Start with Revenues
+/- change in unearned revenue
+/- Change in Accounts Receivable
= Cash collected from customers
Cost of goods sold
+/- change in inventory
+/- change in accounts payable
= Cash paid to suppliers
Salaries and wages expense
+/- change in wages payable
= Cash paid to employees
Other operating expenses
+/- change in prepaid expenses
+/- change in accrued liabilities
= Cash paid for other operating expenses
Interest expense
+/- change in interest payable
= Cash paid for interest
Dividend and interest income
+beginning interest receivable
– Ending interest receivable
= Cash received from dividends and interest

The Indirect Method

Since most statements use this method, you will not usually have to do the work but it is important to know how to put it together. The method starts with net income and adjusts for cash and non-cash items.
Net Income
+ Non-cash charges (depreciation, amortization, depletion expense)
+ increases in current operating liabilities
+ decreases in current operating assets
+ increases in deferred income tax liability
– increases in current operating assets
– decreases in current operating liabilities
– decreases in deferred tax liability
+ any losses on investing or financing activities (loss on sale or write-downs, loss on debt retirement)
– any gains on investing or financing activities

= Net cash from operations

Free Cash Flow

Free cash flow is an extremely important measurement and you will need it extensively in the equity section of the exam, especially at level II. It represents the cash available to either equity investors or all capital providers after all working capital and fixed capital needs have been accountable. Basically, it is the extra cash available to owners (of debt or equity) after the company’s future operations have been funded.
Free Cash Flow to the Firm (FCFF) is the cash flow available to all capital providers (debt and equity) and equals:
Net income + Net noncash Charges (depreciation and amortization) – Investment in working capital – Investment in Fixed capital + after tax interest expense
Free Cash Flow to Equity (FCFE) is the cash flow available to common shareholders and equals:
Net income + Net noncash Charges (depreciation and amortization) – Investment in working capital – Investment in Fixed +/- net borrowing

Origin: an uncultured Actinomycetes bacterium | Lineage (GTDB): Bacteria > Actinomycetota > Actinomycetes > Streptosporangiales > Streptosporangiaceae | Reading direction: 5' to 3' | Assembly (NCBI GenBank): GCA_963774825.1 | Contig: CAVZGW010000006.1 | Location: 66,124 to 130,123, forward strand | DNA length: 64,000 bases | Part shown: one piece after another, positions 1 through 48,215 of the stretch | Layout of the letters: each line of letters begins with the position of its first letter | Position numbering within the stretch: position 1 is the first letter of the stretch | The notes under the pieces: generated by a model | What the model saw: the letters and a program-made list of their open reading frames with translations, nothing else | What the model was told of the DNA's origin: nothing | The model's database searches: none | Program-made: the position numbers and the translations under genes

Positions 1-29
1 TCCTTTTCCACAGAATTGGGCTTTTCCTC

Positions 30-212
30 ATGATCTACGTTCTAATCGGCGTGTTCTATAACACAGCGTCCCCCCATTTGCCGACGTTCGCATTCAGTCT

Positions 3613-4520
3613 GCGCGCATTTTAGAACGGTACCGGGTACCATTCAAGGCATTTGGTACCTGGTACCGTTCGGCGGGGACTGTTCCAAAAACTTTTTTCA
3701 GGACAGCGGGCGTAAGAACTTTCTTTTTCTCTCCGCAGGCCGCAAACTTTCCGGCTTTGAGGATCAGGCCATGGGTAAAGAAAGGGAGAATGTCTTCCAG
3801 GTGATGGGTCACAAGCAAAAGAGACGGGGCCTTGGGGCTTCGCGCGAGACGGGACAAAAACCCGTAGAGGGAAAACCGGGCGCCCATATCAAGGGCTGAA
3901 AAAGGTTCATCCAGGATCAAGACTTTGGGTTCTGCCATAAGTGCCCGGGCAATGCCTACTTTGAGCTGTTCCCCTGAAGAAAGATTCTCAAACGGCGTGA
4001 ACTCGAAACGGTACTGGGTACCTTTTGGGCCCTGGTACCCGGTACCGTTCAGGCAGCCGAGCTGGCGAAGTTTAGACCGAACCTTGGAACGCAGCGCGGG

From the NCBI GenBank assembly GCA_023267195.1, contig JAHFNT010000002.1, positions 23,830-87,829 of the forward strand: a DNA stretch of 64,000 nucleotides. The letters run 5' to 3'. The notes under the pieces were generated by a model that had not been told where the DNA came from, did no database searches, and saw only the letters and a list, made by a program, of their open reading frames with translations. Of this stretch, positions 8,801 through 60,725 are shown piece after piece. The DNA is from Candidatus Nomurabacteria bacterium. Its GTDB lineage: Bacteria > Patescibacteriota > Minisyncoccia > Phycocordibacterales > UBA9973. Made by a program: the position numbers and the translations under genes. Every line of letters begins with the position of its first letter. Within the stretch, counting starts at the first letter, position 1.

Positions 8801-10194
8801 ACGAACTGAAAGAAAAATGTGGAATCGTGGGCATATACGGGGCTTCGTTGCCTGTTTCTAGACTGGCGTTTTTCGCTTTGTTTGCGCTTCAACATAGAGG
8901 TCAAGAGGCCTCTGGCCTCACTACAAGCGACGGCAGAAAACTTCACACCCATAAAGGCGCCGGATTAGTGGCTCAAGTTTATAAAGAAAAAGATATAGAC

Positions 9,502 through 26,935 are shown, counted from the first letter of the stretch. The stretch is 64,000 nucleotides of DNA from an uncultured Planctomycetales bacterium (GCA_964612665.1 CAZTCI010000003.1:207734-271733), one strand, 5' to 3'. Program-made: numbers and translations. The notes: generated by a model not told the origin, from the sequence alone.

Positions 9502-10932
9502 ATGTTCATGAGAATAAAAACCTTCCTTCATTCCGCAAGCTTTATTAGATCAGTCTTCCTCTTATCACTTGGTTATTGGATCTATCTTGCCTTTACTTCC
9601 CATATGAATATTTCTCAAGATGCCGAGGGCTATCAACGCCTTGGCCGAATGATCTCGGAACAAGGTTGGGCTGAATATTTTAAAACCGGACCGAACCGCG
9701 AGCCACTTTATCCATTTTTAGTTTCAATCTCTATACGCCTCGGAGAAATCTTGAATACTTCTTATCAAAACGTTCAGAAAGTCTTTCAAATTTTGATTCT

• Notice that FCFE is FCFF except without adding back interest expense and taking net borrowing into account.
  • Understand how to arrive at FCFE or FCFF with CFO
  • FCFF = CFO + INT (1-t) – invest fixed capital
  • FCFE= CFO – invest fixed capital +/- net borrowing

There are a few performance and coverage ratios you should remember as well. Most are relatively simple, just the CFO over an account from one of the other statements. Remember that any account from the balance sheet must be averaged between the beginning and ending value since the balance sheet is a point-in-time estimate rather than activity over the period.

GAAP and IFRS Differences

The difference in cash flow reporting for GAAP and IFRS are extremely testable so you must remember them for the exam. The material is relatively brief and lends itself easily to a flash card.
Interest paid – can be classified as operating or financing cash flows in IFRS but only as operating cash flows under GAAP.
Interest and dividends received – can be classified as operating or investing cash flows under IFRS but only as operating cash flows under GAAP.
Dividends paid – can be classified as operating or financing cash flows under IFRS but only as financing cash flows under GAAP.
Companies reporting under IFRS need to separate their income tax account if possible under operating, investing or financing while all income taxes are reported under operating cash flows in GAAP.
The direct method is preferred under both IFRS and GAAP but the indirect method may also be used. Under GAAP, a company must also provide a reconciliation to the indirect method if the direct method is used in the statements.

Financial Analysis Techniques

The introductory material on ratios, common-size techniques, regression analysis and the use of graphs is probably secondary to actually understanding the formulas that follow and what they mean. Understand the basic concept behind the broad range of techniques and any advantages/limitations to each.
There are an immense number of formulas shown, I counted more than 50 in the FinQuiz study notes including multiple ways to get at the same idea. The likelihood of seeing any individual formula on the exam is relatively small so I would spend more time on the bigger picture and the three financial statements. Make a flash card for each formula and run through them until you are familiar with the concept and inputs to each formula. Once you’ve got a particular formula, put the card in your secondary pile which you may only need to review every month or so. This should be enough to reproduce it on the exam if needed.
Study Session 9 digs deeper into the balance sheet with readings on inventories, income taxes, and non-current assets and liabilities.
‘til next time, happy studyin’
Joseph Hogue, CFA